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Home News Immigration: Progressives need to listen ... and learn

Immigration: Progressives need to listen ... and learn

05 September 2016
Immigration: Progressives need to listen ... and learn

It doesn’t seem like just 10 weeks since the British people voted for Brexit. But as the dust settles, and initial tempers subside a little, progressives are now searching for the real lessons of June 23rd. Those lessons will have clear implications for the contests across Europe between populist forces and parties of the political mainstream.
What went wrong on immigration during the referendum debate? Was the crystallisation of the debate around that theme the sign of a genuine loss of control, of a dishonest debate, of a lack of political leadership? This week Policy Network publishes a trio of essays which grapple with these very questions.
Sunder Katwala, from British Future, argues that progressives can no longer ignore public concern on migration. To do so risks taking progressives ever further away from an effective public response to the populist challenge. It isn’t good enough, he believes, to try and change the subject – instead voters’ valid concerns will only be assuaged when they hear a practical plan to handle the pressures of immigration better.
Will Moy, director of Full Fact, writes that “the immigration debate badly needs fewer numbers and more choices”. More work can be done to provide better information, but this must be backed up by a response to fears about identity and culture.
Finally in a new milestone contribution to Policy Network’s project on New migration realities: inclusive narratives, Maeve Glavey explores the complexity of immigration trends and public opinion across Europe. Contrary to widely held assumptions there is no one exclusive type of voter worried about immigration, with young people not immune from concerns. There are worrying levels of dissatisfaction with governments’ perceived ability to manage immigration. However, there are also positive trends towards the acceptance of diversity over time, and robust understanding of the long-term benefits of immigration, especially in the UK. These nuances can and should be recognised and built on by those who defend the vision of a migrant-welcoming society in the face of populist challengers.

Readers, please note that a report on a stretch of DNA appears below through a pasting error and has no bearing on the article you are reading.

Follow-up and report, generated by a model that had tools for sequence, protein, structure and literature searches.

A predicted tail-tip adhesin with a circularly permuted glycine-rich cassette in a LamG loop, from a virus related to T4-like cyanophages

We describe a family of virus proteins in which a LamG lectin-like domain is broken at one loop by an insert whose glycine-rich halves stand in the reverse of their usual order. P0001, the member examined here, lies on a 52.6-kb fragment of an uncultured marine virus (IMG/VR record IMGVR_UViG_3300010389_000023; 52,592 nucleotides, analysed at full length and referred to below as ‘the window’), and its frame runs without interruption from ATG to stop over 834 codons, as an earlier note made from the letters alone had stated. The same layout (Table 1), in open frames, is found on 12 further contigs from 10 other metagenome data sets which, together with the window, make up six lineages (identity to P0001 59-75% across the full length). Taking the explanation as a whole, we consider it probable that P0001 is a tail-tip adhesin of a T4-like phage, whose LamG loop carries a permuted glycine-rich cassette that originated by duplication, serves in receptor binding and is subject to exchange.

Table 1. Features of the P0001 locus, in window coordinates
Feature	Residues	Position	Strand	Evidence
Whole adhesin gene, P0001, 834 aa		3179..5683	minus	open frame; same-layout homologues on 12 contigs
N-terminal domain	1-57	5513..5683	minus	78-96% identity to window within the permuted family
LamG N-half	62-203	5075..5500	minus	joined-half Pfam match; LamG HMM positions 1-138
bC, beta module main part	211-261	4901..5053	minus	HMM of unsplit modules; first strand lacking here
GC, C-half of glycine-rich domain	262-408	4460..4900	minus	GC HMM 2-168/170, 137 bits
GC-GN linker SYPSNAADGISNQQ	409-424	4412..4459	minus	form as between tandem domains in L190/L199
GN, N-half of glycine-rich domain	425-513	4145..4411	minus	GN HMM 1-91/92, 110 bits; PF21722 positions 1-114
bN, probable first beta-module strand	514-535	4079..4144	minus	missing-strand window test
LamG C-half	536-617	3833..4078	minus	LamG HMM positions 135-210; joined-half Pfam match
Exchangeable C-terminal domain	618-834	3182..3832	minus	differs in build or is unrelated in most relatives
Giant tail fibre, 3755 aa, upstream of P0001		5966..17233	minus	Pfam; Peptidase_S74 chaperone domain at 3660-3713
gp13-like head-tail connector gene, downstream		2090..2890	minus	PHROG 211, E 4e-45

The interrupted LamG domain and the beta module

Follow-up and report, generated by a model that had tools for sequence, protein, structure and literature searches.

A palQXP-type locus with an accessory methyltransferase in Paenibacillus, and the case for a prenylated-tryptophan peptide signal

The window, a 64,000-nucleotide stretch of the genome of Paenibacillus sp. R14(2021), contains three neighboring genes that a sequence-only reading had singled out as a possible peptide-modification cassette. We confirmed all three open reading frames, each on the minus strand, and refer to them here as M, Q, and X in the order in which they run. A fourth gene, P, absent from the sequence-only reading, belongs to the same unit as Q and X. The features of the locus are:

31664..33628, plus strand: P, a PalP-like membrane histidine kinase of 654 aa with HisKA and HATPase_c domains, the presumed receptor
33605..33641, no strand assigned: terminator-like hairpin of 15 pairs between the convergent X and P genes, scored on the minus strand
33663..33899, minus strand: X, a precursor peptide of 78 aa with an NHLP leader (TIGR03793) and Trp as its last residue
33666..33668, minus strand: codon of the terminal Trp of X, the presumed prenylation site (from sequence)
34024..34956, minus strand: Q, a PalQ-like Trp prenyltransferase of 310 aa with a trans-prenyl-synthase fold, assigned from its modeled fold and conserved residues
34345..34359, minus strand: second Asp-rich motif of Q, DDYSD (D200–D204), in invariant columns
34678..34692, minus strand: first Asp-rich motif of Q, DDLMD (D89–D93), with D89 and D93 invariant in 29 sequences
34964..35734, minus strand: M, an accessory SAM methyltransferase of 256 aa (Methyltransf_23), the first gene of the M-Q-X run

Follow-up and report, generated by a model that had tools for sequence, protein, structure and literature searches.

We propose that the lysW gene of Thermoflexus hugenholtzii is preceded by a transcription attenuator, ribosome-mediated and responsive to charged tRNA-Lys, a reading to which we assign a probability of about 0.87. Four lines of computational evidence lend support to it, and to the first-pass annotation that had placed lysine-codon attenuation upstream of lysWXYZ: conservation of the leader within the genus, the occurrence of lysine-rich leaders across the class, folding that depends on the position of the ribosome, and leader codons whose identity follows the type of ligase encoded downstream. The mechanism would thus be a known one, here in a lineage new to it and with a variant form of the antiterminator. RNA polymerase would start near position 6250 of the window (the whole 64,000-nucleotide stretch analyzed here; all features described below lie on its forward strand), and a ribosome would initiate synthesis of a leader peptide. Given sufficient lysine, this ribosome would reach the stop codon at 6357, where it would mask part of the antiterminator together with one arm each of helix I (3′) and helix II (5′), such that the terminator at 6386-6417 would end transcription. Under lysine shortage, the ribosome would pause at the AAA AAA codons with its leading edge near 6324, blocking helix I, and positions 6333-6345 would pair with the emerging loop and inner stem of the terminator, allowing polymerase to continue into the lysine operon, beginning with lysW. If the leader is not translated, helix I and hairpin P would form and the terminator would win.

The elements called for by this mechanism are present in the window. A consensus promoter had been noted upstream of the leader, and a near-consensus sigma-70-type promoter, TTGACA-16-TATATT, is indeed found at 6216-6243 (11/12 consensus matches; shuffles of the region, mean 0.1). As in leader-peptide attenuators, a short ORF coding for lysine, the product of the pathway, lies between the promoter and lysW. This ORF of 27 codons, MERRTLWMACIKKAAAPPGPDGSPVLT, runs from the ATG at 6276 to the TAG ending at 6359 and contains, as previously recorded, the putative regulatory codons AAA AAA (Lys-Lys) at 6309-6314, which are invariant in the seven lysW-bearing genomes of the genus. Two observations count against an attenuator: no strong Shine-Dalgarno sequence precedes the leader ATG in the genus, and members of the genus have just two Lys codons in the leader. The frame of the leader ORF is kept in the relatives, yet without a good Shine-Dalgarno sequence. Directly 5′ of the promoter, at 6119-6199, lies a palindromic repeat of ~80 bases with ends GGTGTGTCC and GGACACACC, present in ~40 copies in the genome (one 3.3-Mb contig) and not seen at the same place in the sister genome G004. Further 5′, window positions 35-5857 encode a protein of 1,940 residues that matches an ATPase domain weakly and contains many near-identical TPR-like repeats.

All three correspondents believe that it is possible to build a more positive, and more popular, narrative on immigration. However, this requires carefully listening to the worries voters across Europe have about specific aspects of immigration.

From the Policy Network Observatory:

The debate on immigration is too often dominated by meaningless and misinterpreted statistics

Britain’s Brexit vote exemplifies why progressives cannot keep running away from the debate on immigration

The reaction to rising immigration among European publics is complex and conflicted. The progressive mainstream must better understand voter anxieties in order to offer a positive platform to counteract them

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